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With outdoor and backyard living on the rise, some homeowners are opting for a compromise with sunrooms, enjoying the sunlight while being able to use the room year-round -- and add square footage.

The National Association of the Remodeling Industry says the latest trend in remodeling is daylighting, or the use of glass-intensive designs to draw in more natural light.

Opening your home to as much natural light as possible creates a stronger, more visible bond with the environment and can visibly stretch the space. It has even been known to enhance emotions and moods. One of the ways to bring in natural light is by adding a sunroom to your house.

NARI says some 500,000 homeowners add sunrooms to their homes each year. "Consumers now can choose from a variety of energy efficient types of glass and a host of styles and features when deciding the type of sunroom that will fit their needs," said National Sunroom AssociationPresident Bob Ottaway.

A sunroom has the potential to enhance the architecture and natural surroundings of your home as well as its energy efficiency.

The NSA says the term sunroom covers a wide range of styles and, therefore, costs. A sunroom can be a screened-in room, a seasonal patio room, a conservatory, a solarium, a year-round room or even a greenhouse.

The Greater Vancouver Home Builders' Association says if you're thinking about adding a sunroom to your house there are a handful of issues to consider, including:

  • What is the main purpose of your sunroom? Will it be for family, or do you want a private space?
  • Do you want to use it year-round? A four-season sunroom is built on a foundation and is heated and fully insulated. A three-season sunroom should be wind and waterproof, while a two-season sunroom may be no more than a deck or porch with a roof and screens.
  • Will it be part of the house or a separate area? It may be integrated into a room, or it can be a separate structure that is added to your home.
  • Cooling. To avoid overheating, think ventilation (windows and doors). The right windows and doors will make all the difference. Also whether the sunroom faces north, south, east or west is an important factor.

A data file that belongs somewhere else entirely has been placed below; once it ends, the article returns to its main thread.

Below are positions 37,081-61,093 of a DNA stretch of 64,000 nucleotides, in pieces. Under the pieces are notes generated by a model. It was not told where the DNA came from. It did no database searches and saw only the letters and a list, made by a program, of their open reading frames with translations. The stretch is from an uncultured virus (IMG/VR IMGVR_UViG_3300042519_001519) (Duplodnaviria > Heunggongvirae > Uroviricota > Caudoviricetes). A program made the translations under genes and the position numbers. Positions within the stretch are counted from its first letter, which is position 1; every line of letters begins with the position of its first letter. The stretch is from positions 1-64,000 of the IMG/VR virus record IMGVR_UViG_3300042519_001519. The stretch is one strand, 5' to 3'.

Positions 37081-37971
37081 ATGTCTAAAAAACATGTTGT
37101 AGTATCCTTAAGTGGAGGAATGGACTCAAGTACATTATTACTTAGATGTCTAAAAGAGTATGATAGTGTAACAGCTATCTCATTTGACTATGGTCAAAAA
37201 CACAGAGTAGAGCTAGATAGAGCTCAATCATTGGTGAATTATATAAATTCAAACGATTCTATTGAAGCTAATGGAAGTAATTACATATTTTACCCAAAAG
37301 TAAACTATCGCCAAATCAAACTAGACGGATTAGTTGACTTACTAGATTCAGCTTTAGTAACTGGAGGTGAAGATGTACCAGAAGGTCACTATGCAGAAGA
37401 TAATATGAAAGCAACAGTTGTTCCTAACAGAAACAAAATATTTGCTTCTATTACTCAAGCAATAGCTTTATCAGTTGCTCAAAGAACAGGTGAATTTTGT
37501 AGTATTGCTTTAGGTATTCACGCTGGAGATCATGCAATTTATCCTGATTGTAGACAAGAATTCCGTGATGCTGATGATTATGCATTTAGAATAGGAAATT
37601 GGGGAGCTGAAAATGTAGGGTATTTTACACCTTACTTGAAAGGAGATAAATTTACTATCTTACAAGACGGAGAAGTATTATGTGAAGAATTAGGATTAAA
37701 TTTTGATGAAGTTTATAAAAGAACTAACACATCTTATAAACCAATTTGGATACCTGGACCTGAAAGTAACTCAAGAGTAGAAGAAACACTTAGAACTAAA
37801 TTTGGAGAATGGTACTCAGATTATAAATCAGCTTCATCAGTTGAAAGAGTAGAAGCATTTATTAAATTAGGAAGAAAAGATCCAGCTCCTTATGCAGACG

• Heating. Energy-efficient windows can help keep the heat in. When you are planning an all-season sunroom, you might need a separate heating and ventilation system.
  • A good foundation. All-season sunrooms or solariums should sit on a foundation that extends below the frost line.
  • Trimming nearby trees. Building codes require tempered or laminated glass for the roof to avoid dangerous shattering from branches.

    Additionally, the NSA recommends considering the external appearance of the sunroom, or how it will fit with your home's architecture.

    And if you're thinking about resale value, Remodeling Magazine's 2001 Cost vs. Value Survey says the national average cost of a sunroom is $27,081. You can expect that about 60 percent of that - $16,247 - would be recouped when you sell your house.

    "It adds to the value, no doubt," said Fort Worth, Texas, appraiser William Durham. "But the typical buyer might look at it as maybe half as valuable as original living area."

    However, real estate agents in some parts of the country reported extremely high rates of return. For example, in Washington, D.C., a $26,751 sunroom is estimated to bring back some $24,400 at the time of sale.

    Meanwhile, the NSA also says glass used for sunrooms can include single or double paned windows, Low-E, self-cleaning, tinted/protective coatings, and High Performance Low E2 (a double coating of Low-E glass). Ask what kinds of glass manufacturers offer, because the right glass can cut the cost to heat and cool a year-round sunroom.

    According to Energy Star a government-backed program helping businesses and individuals protect the environment through superior energy efficiency, using their windows and doors can help reduce utility bills up to 15 percent. Energy Star products also provide protection against sun damage to fabrics in your home.

    Energy Star window performance is based on:

    • U-factor: The rate of heat transfer either from your home or the outside through your window, door, or skylight. Lower numbers mean less heat is transferred
    • Solar Heat Gain Coefficient: How much heat your house gains from the sun. Lower numbers mean less gain.

    The cost of today's sunrooms can run from minimal to more than $50,000 depending on the size, style, site location, and materials used to construct them.

    When selecting a sunroom dealer, your primary considerations should be reputation, quality, product line and customer satisfaction. Ask if they are insured and can provide references. As with any project, get at least three bids from qualified contractors.

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